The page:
Under the Immigration Reform and Control Act of 1986 (IRCA), it is unlawful for an employer to hire or continue to employ a person knowing that the person is not authorized to work in the United States. This law requires that employers verify employment eligibility of all employees by completing a Form I-9. Failure to comply with these rules subjects employers to substantial penalties.
E-verify, the program operated by the Department of Homeland Security (DHS) in partnership with the Social Security, has become a popular tool by employers to comply with immigration laws and avoid civil monetary penalties. According to the DHS website, more than 600,000 employers now use E-Verify, and over 1,400 companies enroll in the program every week. Certain employers, such as the federal government must by law use E-verify. Although participation in E-Verify is voluntary for most employers, it can be extremely useful.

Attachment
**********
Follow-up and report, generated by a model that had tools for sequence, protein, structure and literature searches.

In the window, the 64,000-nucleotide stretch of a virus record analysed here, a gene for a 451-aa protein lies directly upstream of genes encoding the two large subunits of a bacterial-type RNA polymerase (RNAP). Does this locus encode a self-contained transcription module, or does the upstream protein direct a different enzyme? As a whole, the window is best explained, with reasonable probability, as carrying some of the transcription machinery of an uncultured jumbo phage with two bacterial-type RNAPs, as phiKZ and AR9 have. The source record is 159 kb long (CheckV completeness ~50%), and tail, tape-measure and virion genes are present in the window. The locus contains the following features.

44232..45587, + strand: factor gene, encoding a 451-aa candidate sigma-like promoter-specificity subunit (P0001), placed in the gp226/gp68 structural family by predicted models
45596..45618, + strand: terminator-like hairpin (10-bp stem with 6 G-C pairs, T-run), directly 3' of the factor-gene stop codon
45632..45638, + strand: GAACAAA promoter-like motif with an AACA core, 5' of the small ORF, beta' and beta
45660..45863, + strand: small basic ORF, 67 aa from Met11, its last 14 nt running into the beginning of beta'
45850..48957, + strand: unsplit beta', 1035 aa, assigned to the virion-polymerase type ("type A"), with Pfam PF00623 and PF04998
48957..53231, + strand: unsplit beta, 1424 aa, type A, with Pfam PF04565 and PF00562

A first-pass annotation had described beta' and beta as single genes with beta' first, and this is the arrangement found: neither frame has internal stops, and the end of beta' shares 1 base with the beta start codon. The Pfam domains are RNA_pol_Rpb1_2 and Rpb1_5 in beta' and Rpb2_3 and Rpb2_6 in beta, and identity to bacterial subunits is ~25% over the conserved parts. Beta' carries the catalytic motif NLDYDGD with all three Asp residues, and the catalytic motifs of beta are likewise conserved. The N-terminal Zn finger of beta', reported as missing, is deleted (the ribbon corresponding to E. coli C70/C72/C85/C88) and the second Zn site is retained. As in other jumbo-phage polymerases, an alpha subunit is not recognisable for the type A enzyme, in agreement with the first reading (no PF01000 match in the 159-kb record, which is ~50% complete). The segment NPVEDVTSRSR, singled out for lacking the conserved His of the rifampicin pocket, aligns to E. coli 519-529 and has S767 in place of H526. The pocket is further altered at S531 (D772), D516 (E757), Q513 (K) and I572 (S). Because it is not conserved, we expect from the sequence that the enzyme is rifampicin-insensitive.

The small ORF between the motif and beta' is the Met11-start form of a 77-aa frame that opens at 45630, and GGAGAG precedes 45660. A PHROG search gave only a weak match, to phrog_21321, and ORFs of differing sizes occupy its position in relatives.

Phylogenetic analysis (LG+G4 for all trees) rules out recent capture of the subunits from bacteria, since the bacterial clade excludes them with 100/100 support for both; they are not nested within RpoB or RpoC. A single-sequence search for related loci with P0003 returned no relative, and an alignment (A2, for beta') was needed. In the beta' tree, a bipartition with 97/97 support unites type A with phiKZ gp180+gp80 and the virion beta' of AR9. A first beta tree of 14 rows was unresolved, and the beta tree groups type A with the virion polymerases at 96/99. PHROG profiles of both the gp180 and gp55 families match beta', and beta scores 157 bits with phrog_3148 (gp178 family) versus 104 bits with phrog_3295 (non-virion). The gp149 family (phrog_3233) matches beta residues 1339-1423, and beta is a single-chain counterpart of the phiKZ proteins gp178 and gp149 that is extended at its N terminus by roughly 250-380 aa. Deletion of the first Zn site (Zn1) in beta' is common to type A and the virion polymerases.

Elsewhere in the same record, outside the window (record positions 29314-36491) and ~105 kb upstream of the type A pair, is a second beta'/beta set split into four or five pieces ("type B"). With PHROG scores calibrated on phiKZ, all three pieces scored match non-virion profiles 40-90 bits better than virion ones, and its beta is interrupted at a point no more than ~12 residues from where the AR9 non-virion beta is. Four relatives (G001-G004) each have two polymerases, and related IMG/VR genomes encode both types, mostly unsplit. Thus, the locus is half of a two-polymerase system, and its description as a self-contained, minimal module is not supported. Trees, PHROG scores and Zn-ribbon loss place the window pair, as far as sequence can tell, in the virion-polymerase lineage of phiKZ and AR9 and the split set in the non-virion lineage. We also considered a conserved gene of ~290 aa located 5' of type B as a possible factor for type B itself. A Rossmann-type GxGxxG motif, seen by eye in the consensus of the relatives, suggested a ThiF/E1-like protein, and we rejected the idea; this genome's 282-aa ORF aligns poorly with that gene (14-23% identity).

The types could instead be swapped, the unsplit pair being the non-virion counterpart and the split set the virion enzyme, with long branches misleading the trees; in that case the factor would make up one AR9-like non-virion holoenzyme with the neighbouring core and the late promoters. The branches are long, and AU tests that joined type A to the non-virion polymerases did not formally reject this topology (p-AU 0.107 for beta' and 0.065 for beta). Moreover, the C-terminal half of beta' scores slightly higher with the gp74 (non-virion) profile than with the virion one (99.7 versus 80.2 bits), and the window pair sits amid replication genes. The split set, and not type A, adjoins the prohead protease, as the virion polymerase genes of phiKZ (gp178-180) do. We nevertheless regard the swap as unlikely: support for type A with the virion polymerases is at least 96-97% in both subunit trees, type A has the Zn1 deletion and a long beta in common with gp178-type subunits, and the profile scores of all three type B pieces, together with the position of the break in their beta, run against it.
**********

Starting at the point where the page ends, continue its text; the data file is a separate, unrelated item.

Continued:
The E-Verify process begins after an employee is hired to work for pay, and has a completed Form I-9, Employment Eligibility Verification. The next step is for the employer to create a case in E-Verify using the information from the Form I-9. An E-Verify case must be created no later than the third business day after the employee starts work for pay. To enroll in E-Verify, you must provide your company’s basic contact information and agree to follow the rules of the program. After enrolling, you must sign a memorandum of understanding that provides the terms of agreement between your company and the Department of Homeland Security. There is also an interactive Quiz to assure that the terms of agreement are understood.
The Grady Firm P.C helps employers to easily navigate this process by:
Signing up their business with e-verify.
Enrolling Human Resources Department employees in the program and helping them become familiar with the platform.
Facilitating assistance and training materials.
Providing a concise tutorial outlining everything needed to start using E-verify.
—The Grady Firm, P.C.